As previously mentioned, a cream consists of two basic components being an oil phase and an aqueous phase. Into either of these two phases can be respectively added oil and water soluble ingredients according to the intended functions of the planned cream. Examples of some more commonly added ingredients are detailed below.
This phase usually consists of 50% to 80% by weight of a cream with water as the primary component. Water is the principle solvent on earth and is essential for life. It is a dipolar solvent and is responsive to and "holds" vibrational energies as demonstrated by Japanese researcher Masaru Emoto in his book "The Secret Life of Water." According to Masaru, the source of the water, its level of contamination by pollutants and the thoughts of those handling it can affect the water's vibrational nature and thus would influence the subtle qualities of a resultant cream. This author's personal experience supports Masaru's findings.
Water soluble and water miscible ingredients include:
Herbal aqueous and alcoholic extracts.
Mineral salts and other water soluble chemicals including vitamins.
Glycerin. This water miscible ingredient adds emollient characteristics to a cream improving its texture.
Flower essences and Homoeopathic vibrational energies.
Water is an ideal medium for the growth of bacteria and moulds and unless a cream is being used immediately or is carefully handled and stored in a refrigerator, it needs the addition of a preservative.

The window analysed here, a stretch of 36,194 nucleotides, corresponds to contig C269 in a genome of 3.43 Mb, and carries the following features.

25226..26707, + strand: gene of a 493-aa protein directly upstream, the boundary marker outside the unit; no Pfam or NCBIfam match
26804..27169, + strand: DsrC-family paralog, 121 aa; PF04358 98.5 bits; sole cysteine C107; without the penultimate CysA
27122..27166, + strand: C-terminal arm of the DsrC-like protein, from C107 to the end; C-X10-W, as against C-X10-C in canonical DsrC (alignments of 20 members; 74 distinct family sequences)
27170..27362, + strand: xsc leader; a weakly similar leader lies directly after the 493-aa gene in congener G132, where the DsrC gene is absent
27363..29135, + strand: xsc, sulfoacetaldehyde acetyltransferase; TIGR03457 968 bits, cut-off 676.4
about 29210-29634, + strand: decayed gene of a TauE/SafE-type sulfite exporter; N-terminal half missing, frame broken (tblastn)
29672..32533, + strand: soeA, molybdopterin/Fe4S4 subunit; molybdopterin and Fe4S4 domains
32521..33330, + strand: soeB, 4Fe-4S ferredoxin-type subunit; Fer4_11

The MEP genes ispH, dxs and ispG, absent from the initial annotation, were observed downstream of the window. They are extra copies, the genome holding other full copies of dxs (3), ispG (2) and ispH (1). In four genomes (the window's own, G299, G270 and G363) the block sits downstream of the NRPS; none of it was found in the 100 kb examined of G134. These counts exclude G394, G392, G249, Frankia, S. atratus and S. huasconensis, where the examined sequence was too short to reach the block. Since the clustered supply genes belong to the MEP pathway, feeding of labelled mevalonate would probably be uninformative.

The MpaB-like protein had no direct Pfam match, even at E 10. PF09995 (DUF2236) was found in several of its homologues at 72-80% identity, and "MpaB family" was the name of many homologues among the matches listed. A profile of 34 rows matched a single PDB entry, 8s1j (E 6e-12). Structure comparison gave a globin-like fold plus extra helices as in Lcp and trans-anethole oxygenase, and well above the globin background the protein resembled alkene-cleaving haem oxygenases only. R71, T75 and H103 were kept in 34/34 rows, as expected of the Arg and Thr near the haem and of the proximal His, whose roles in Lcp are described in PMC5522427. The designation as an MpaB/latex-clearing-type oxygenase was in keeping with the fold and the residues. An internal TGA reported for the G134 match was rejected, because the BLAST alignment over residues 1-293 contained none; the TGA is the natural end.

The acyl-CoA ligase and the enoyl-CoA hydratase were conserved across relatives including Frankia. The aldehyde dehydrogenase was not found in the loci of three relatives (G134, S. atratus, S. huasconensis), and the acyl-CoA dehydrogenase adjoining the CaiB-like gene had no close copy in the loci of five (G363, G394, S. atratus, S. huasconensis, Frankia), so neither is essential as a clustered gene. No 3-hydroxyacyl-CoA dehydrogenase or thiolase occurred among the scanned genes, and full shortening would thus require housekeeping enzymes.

There are many chemical preservatives and a few effective more natural preservatives derived from plant material or other natural ingredients that are then chemically manipulated. Two popular preservatives in this class and available in Australia are:
Citrus seed extract (proprietary name Citricidal) prepared from Grapefruit pulp and seed.
Sodium hydroxymethylglycinate (proprietary name Suttocide C) prepared from the amino acid Glycine.
Oil (and fat) phase Components.
This phase usually consists of between 15% and 30% of a cream by weight and "holds the key" to the cream's texture and cosmetic quality. The bulk of this fraction consists of the emulsifying agent and a mix of vegetable oils and fats.
The types, qualities and effects of the oils and fats that can be incorporated into this component of a cream are extensive and complex and are beyond the scope of this document. For further information on this refer to Nikolaus's book and “Fats that Heal Fats that Kill” by Udo Erasmus published by Alive Books. (ISBN 0-920470-38-6)
Below is a brief outline of the more commonly used oils and fats.
Vegetable oils - these are divided here into five basic types:
Saturated or fixed oil or
E.g. Coconut oil - saturated oil from the coconut palm.
E.g. Jojoba oil - natural saturated fluid wax extracted from the Jojoba seed.
Mono unsaturated oils (omega 9).
E.g. Olive oil
Poly unsaturated oils (omega
E.g. Almond oil - oil with omega 9 and omega 6 fatty acids.